The fact that Boñgog reported the robbery to the police authorities of Sison, may at first blush appear perplexing if not intriguing, and his counsel seizes upon this circumstance to bolster his argument that Boñgog would not have done this if he were really guilty. Of course, the perpetrators of a crime, especially one as hideous as that we have under consideration, do not usually report the matter to the authorities just to be arrested and punished, unless they have a good defense, such as self-defense in a crime of homicide or physical injuries. But as the trial court has well observed, Boñgog may have made the report in order to divert suspicion and lead the authorities to believe that since he reported the crime, he could not have possibly taken part in it. Another explanation which the record reveals is that Boñgog, despite his connection with the conspiracy and his active participation in executing and carrying it out, was, according to him omitted in the apportionment of the loot, this, altho he knew that there was much of it. Furthermore, in making the report to the police of Sison, he was careful in excluding himself from any connection with or participation in the commission of the crime. He pictured himself as an innocent passenger in the jeep, merely requested by the two women victims to accompany them and act as their guide. To his simple mind, at the time, in making the report he was leading the authorities away from his trail because he made himself appear as a mere innocent bystander, but at the same time getting even with his co-conspirators who had double-crossed him.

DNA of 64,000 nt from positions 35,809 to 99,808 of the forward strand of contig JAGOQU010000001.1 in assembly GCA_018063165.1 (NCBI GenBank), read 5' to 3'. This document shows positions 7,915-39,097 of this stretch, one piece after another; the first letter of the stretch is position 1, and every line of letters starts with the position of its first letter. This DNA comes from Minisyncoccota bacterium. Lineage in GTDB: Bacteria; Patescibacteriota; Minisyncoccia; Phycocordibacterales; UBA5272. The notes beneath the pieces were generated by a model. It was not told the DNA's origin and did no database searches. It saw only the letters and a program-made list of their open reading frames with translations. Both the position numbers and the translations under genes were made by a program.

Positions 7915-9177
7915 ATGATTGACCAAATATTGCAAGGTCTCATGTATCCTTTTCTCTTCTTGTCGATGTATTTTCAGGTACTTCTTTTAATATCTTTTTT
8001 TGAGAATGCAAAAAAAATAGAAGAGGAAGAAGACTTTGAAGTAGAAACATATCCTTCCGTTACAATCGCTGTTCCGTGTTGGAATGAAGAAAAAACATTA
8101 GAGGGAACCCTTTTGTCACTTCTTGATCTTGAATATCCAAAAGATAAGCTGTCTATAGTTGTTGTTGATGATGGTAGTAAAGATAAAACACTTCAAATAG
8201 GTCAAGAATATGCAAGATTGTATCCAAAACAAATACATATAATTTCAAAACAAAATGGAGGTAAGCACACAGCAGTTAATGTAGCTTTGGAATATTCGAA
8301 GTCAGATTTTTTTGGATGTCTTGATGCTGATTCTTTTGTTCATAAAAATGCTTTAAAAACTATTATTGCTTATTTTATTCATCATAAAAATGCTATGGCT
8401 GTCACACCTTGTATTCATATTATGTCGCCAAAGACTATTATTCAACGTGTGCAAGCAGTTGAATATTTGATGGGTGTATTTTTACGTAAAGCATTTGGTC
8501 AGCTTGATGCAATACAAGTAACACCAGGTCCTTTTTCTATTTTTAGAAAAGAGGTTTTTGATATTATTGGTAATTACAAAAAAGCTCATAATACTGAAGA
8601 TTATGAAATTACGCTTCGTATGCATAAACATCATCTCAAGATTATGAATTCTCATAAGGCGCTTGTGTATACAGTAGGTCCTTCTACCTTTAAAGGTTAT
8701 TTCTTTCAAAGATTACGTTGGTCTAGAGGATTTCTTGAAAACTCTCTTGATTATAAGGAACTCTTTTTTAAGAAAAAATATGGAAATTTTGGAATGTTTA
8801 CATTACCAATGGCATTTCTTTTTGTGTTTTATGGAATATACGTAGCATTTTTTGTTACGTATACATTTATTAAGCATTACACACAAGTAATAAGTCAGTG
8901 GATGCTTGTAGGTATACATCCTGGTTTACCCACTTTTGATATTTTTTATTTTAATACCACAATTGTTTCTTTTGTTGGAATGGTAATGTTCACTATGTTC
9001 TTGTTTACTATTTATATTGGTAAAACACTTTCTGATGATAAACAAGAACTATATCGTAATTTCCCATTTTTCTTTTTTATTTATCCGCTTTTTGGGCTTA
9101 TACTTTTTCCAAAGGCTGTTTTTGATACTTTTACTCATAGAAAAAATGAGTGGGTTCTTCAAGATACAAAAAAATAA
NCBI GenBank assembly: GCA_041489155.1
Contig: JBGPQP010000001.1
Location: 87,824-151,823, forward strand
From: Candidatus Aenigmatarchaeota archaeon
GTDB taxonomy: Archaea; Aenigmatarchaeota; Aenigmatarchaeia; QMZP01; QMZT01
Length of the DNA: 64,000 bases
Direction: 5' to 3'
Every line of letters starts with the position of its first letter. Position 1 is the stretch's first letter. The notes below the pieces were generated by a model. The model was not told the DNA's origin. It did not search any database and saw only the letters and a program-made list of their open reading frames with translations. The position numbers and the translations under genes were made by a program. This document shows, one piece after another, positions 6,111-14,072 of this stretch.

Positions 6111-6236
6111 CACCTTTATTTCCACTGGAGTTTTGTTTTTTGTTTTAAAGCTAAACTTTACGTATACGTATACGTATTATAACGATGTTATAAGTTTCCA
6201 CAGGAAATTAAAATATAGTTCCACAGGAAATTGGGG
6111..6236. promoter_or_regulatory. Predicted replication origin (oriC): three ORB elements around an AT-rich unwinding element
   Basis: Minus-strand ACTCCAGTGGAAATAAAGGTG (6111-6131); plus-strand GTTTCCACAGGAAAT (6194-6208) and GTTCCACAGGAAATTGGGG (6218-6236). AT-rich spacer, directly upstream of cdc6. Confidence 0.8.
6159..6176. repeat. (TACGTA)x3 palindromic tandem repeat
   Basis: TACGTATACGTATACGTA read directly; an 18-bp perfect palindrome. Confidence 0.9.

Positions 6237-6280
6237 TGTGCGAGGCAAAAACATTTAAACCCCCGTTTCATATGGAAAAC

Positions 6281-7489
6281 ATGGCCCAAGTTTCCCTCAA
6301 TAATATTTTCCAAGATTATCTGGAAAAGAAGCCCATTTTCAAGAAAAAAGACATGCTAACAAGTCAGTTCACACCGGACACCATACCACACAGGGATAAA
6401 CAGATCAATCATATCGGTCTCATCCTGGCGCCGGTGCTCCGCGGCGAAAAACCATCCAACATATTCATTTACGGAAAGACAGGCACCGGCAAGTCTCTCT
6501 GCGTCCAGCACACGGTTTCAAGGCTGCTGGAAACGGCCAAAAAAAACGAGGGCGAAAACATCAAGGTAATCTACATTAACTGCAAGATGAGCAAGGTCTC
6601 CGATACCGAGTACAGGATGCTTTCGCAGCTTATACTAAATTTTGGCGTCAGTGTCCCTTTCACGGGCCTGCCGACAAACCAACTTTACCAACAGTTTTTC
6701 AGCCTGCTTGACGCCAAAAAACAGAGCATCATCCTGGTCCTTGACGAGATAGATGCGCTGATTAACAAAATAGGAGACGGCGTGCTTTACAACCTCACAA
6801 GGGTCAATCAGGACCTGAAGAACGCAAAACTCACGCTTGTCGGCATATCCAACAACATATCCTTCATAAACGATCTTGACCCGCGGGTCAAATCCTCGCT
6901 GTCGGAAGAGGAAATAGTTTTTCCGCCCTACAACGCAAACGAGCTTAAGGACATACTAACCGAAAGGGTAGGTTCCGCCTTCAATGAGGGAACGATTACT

As to the identification of Pulido and Quinto, we are satisfied that the two were seen and sufficiently identified by Gomez while he was seated in the jeep and while jumping down from it to flee from the firing. According to him, Pulido was not more than six meters away from the jeep at the time, while Quinto was only about three meters behind Pulido, both in the act of firing their guns. Ostrea who was sitting beside Gomez on the back seat also saw these two men in the act of firing. He could identify Pulido, but not the man behind him. The fact that Ostrea did not identify Quinto, although he could have done so without much fear of contradiction, speaks well for his sincerity and truthfulness.
As to whether at the time of the holdup and shooting, it was still clear and bright for one to see and identify a person several meters away, the evidence reveals that at about 6:30 p.m. that month of June, although the sun may have been setting or may have even set, it was still bright. It will be remembered that in driving from Kennon bridge southward the Doñgon bridge, Sarmiento did not use the lights of the jeep, showing that there was sufficient light from the sun either direct or reflected from the sky, to permit safe driving over a mountain road.